Image: Unsplash
Image: Unsplash

Train your brain, change your habits

For me, the beginning of 2019 did not inspire resolutions of the academic, social or personal kind. My already-failed goal was to stop swearing this year. Personally, I see resorting to foul language as a sign of weakness rather than strength but I utterly failed at changing the habit.

I did not always swear. In fact, there was a time in my life when I would jump if anyone around me swore but by hearing others around me repeatedly swearing, I just happened to pick up the words. I swear spontaneously but hindsight is a brutal thing. When I later think of my use of swear words, it makes me feel like a failure. How can I not have control over what comes out of my mouth?

In this way, perhaps more than the good habits, we may be finding ourselves more exasperated over the bad habits that we cannot get rid of. However, thanks to the psychology department at Warwick, there seems to be light at the end of the tunnel.

Recent research at Warwick in collaboration with other institutions involving computer simulations of digital rodents has suggested that we can train our brain to form habits through repetition. Not only does this mean we can pick up good habits, but it also has the reverse impact of perpetuating our bad habits.

I didn’t even realise that these chores had transformed into habits

To be frank, it hardly sounded like a breakthrough discovery to me. I did the Warwick Skills Portfolio Award (WSPA) last year and, as a part of the programme, I set myself personal goals and reported to an online coach by submitting reflective entries on Moodle. Through the programme I picked up many habits that I otherwise had no intention of working on. I forced myself to practice Bhangra in my room, to read a particular book, and work on my time management better. At the time it was tedious and my only motivation was the mention of WSPA on my HEAR statement. I don’t distinctly remember a day or time when I began to enjoy these activities – I almost found myself in the middle of it. As much as it may sound like a romantic novel, I didn’t even realise that these chores had transformed into habits.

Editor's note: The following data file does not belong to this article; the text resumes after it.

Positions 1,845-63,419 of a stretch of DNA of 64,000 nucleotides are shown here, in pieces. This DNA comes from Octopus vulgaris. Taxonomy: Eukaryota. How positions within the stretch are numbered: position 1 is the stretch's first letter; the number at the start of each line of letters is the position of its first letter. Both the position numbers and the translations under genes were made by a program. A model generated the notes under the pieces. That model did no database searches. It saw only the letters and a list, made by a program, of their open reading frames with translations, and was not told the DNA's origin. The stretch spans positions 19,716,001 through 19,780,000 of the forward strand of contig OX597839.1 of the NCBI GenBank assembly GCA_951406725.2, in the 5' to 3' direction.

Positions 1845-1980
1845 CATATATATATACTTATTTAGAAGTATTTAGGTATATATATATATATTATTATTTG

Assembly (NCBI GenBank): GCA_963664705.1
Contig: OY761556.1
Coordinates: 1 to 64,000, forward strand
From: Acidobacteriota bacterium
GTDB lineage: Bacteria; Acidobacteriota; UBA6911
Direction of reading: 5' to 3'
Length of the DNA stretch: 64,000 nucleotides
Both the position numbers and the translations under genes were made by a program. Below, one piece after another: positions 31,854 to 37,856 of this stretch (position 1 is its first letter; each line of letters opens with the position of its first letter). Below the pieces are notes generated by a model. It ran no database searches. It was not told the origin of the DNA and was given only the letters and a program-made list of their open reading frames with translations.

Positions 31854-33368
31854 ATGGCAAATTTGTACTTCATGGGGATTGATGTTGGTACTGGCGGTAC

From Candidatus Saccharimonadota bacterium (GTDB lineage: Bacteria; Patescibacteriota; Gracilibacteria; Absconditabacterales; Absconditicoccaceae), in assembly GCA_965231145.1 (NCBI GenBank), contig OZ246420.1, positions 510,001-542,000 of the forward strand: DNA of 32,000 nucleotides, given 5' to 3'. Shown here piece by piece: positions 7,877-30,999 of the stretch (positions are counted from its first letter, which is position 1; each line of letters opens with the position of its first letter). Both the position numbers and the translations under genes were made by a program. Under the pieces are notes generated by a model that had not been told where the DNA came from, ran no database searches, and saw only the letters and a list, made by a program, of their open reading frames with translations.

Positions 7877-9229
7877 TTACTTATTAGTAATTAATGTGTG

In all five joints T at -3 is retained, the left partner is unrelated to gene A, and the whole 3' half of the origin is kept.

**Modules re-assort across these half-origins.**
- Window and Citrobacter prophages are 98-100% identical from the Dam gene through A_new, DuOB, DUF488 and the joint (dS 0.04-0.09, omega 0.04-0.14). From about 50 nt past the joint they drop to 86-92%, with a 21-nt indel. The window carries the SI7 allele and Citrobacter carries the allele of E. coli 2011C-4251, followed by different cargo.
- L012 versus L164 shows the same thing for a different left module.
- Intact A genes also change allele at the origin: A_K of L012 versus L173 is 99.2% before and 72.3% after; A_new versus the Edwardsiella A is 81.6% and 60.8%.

I developed a love-hate relationship with Bhangra because I gave it my all from day one but could never do it well. Thanks to the WSPA, I did so much Bhangra that after a point I stopped caring about how good it actually was. Even now, I sometimes randomly get up in the middle of revising in my room and start dancing. Given that I often end up developing back pain as a result of sitting at my desk for long hours, I am grateful for this habit.

Preventing myself from swearing is a seemingly impossible puzzle I need to solve

In my case of swearing, the light at the end of the tunnel is flickering though. If repetition leads to a development of a habit, this means that the more I give in to swear words, the further away I drift from my original aim of entirely renouncing the offensive terms. There is no opposite to swear words. Different emotions trigger different tendencies and preventing myself from swearing is a seemingly impossible puzzle I need to solve if I am to let go of the habit completely.

However, despite having done the WSPA and learnt my lesson, I don’t think this discovery is completely irrelevant to my life. I always knew that habits could be changed – my experience proved this – but now there is scientific evidence to back this up.

There is substance to the advice, ‘never give up’. It isn’t something to you offhandedly say to a friend to make them feel better – it actually works. It feels both bold and beautiful to be able to tell myself to keep going, knowing that it is proven and informed advice.

And, who knows? One day I may just go back to saying ‘Oh my days’ in response to all difficult situations.

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